A blaze-hit block of flats in Perth city centre has become the focus of a new architecture study which looks at ways of reincorporating high-rises into the local community.
Pomarium Street flats was used as a case study by Dundee University graduate Alistair Battles, 24, who believes a vibrant new neighbourhood should be created around the buildings to increase social interaction.
He worked with Perth and Kinross Council on a series of theoretical ideas for the tower block which was the scene of three fires in three weeks between December and January.
Alistair wants local authorities to use the flats as a focal point rather than demolishing or re-cladding them and suggests bringing the lower floors into community use as shops or other facilities – in a process known as groundscaping.
Alistair’s Pomarium Street study proposed re-siting the city’s bus station to create a new rail-bus transport hub with a residential development built opposite the multi-storey.
Alistair said: “Re-cladding is a quick fix that we saw have horrific consequences at Grenfell but even when appropriate materials are used, improving the aesthetics of a building does nothing to address some of the fundamental issues.
“By making more use of the ground floor to house amenities and connecting the multi to new and existing buildings you create a context for the structure.
“My project discusses how a neighbourhood can become encouraged in this new development through a new communal identity and social interaction between the community. Despite the stigma attached to multi-storeys, high-rise living has been shown to work well with the right infrastructure.”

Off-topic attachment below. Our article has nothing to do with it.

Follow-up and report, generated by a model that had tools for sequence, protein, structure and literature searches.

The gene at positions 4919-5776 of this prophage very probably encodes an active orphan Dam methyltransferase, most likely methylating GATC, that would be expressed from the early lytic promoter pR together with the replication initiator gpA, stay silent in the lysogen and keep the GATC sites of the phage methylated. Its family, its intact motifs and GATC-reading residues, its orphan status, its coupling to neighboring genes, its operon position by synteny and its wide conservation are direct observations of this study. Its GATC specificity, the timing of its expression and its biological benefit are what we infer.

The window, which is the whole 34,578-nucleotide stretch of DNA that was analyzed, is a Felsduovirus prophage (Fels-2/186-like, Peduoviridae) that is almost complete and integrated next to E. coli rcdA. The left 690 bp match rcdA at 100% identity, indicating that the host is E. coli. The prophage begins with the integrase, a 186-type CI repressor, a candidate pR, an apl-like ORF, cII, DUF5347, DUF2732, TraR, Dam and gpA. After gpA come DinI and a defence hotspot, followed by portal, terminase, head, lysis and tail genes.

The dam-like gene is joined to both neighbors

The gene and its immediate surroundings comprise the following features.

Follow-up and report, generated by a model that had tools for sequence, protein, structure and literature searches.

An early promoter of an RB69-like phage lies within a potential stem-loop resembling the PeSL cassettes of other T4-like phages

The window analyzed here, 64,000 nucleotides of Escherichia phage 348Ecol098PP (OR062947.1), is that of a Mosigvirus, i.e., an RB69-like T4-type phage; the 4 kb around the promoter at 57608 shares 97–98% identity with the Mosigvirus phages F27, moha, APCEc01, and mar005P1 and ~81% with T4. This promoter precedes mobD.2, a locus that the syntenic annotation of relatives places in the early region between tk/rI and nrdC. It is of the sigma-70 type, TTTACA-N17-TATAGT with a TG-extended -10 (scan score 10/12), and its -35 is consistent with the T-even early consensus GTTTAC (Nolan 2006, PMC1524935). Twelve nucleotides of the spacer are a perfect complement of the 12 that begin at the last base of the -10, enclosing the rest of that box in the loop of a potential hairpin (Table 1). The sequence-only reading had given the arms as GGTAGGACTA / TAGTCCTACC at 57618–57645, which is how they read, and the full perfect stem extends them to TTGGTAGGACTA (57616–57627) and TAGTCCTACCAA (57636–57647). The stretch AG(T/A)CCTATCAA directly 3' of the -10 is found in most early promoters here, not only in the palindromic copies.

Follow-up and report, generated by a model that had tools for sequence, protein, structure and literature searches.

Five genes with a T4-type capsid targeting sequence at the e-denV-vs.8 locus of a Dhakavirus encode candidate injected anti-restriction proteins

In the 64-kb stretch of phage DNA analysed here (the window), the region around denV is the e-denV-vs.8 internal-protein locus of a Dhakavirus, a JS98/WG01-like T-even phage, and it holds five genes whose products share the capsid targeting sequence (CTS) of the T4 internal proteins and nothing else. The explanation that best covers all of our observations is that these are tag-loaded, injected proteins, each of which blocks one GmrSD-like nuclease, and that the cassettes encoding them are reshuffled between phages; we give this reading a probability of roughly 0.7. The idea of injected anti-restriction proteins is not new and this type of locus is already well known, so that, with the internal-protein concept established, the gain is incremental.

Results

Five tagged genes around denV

The project is purely conceptual and was started in order to stimulate debate about how to create a successful neighbourhood. However, Alistair believes the lessons learned from the lockdown period will help inform architectural and planning decisions in the future.
“A new sense of community has emerged in recent months and I have also highlighted in my research paper how this shows the need to develop a sense of neighbourliness that fosters a sense of belonging and togetherness in new developments,” he said.
The project was unveiled as part of the University of Dundee’s graduate showcase which went live on Friday online after the annual degree show was cancelled due to coronavirus.
The work can viewed at www.dundee.ac.uk/degreeshow/2020/ until June 21.